I spent the first 11 years of my life in Mansfield Center, CT, a small, sleepy town in the northeastern part of the state. Right before the seventh grade, my family moved across the country to Los Altos, CA, a community right in the heart of the Silicon Valley, and I enrolled in the local public junior high school.
Junior high was an all-over culture shock. I always managed to feel about ten steps behind. The curriculum was much more difficult then what I was used to, and I would spend hours each night trying to finish homework. And it wasn't just the academics. I distinctly remember coming home from school one night and telling my mom, "I think we bought the wrong clothes." Everything was just different.
There were some people who were welcoming, though junior high isn't by definition the most inclusive place. Others were reliably apathetic. And, as there often is, there was one girl in particular who did all the typical mean junior high girl tricks -- tell her friends not to be friends with me, have them switch tables if I sat nearby for lunch and make sure I wasn't invited to her friends' birthday parties. Once, a classmate I thought I had become friends with came up to me and announced, "I was going to invite you to my party this weekend, but so-and-so said if you were invited she wouldn't come."
I made it through junior high relatively unscathed, went to a private high school nearby and then left for college. Fifteen years later, I was rolling out my mat at a yoga class in San Francisco and heard someone call out my name. I looked around, and saw her smiling at me -- the girl who had once been so mean, now a young woman. We made small talk after class about where we were living, what were doing and how life was going. I was friendly, but I couldn't help but wonder: Did she remember all the things she said and did? I had nearly forgotten, and perhaps she did as well.
A week later, we ran into each other at the same class. Once again, we spoke for a few moments afterwards -- she seemed so nice, but in my mind I still wondered: What am I doing here? And then, without missing a beat, she looked me squarely in the eye, and said:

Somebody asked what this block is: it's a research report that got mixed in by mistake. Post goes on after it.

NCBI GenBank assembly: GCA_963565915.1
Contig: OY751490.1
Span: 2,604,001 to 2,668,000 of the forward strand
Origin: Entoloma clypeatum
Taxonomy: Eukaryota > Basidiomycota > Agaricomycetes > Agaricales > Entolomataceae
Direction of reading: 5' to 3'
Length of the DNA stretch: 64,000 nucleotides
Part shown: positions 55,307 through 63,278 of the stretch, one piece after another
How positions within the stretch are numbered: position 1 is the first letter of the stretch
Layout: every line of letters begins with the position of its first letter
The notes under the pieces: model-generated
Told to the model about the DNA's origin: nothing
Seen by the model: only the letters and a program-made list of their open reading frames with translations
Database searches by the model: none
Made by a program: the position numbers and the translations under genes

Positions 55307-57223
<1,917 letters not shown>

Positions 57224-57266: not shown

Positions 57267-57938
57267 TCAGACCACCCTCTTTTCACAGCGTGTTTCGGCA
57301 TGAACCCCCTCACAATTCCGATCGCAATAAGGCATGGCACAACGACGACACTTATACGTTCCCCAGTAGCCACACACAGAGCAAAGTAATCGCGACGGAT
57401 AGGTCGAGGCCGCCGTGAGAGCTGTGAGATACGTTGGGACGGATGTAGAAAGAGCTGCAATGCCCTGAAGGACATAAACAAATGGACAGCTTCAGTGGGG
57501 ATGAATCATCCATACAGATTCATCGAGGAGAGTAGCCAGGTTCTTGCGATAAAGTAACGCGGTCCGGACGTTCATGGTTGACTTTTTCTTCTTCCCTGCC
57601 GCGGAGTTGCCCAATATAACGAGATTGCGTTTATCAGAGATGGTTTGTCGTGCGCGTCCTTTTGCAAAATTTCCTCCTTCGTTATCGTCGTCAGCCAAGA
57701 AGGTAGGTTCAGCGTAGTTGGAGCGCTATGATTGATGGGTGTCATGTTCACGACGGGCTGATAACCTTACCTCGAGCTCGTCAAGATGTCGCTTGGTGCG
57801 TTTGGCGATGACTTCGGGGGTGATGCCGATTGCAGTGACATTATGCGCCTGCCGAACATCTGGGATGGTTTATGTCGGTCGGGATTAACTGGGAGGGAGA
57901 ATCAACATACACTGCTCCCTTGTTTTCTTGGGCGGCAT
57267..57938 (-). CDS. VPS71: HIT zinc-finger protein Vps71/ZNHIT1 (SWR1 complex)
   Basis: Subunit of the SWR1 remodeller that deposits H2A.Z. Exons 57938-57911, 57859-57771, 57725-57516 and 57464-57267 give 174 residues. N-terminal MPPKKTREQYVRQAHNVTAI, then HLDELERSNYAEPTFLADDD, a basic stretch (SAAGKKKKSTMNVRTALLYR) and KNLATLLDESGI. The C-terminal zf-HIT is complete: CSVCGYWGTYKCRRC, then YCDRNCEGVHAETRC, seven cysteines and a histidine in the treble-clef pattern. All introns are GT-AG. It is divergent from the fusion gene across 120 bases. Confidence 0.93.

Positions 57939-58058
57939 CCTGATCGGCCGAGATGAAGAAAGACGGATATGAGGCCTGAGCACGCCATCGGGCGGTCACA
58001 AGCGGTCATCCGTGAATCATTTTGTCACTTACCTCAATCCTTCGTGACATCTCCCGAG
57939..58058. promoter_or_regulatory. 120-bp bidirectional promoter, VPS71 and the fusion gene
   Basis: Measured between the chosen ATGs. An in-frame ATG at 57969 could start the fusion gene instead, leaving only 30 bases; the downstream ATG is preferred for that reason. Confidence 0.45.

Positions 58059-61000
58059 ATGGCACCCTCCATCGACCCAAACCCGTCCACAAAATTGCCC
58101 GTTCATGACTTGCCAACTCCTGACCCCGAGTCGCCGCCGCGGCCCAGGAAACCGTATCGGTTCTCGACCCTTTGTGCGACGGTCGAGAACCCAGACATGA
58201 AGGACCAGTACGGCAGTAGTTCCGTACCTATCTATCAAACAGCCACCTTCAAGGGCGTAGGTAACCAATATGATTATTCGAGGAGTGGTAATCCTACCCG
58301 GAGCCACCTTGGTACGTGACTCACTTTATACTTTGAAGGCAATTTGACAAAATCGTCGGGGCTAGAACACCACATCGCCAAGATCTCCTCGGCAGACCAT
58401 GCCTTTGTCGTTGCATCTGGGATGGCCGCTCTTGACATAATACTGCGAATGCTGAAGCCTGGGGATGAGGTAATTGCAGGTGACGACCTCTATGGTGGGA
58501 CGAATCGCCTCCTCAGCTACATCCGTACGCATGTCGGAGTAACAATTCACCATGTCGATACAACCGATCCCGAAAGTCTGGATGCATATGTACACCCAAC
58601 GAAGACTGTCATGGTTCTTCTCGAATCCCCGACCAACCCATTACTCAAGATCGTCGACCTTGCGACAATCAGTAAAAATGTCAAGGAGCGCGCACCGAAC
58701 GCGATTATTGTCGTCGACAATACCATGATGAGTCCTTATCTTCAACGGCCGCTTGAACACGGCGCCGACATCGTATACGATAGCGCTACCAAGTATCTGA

"I am really sorry for how I treated you in junior high. I was awful, and you didn't deserve any of it."
All of the sudden, I felt tears forming and memories come flooding back -- about being the new girl in school, about feeling left behind, about trying to figure out the maze that was the Silicon Valley as a seventh grader who came from a small town in Connecticut. It was then that I realized something even greater: She carried that regret with her all these years, and I had not.
Sure, she probably didn't think about me every day, or worry about how her words and actions had affected me. But the way she looked at me that day, and the way she authentically delivered her apology, made me realize that her behavior left her with some semblance of regret. In reality, her behavior affected her far more than it affected me.
With the new school year approaching, we frequently talk with children about how to academically have a good school year -- how to be organized, complete homework on time, study for tests and get good grades. We often talk less about how to be a person of character -- how to err on the side of kindness, as George Saunders spoke of in his commencement speech at Syracuse this past year (if you haven't read it, I encourage you to print it out and discuss with your children).
So, this year, instead of simply asking your children how they will have a better school year in terms of school, sports and activities, ask them how they can become a better person. How can they be a person who is inclusive, has good character and treats others with kindness? To whom will they introduce themselves? How will they actively be part of their school community? What can they do when they see someone sitting alone? Which classmates can they make an effort to get to know?
We all have choices. Learning how to err on the side of kindness is one of the greatest gifts we can give our children. It is the first step to show them how to live a life without regret. And that very well may be the most powerful childhood lesson of all.
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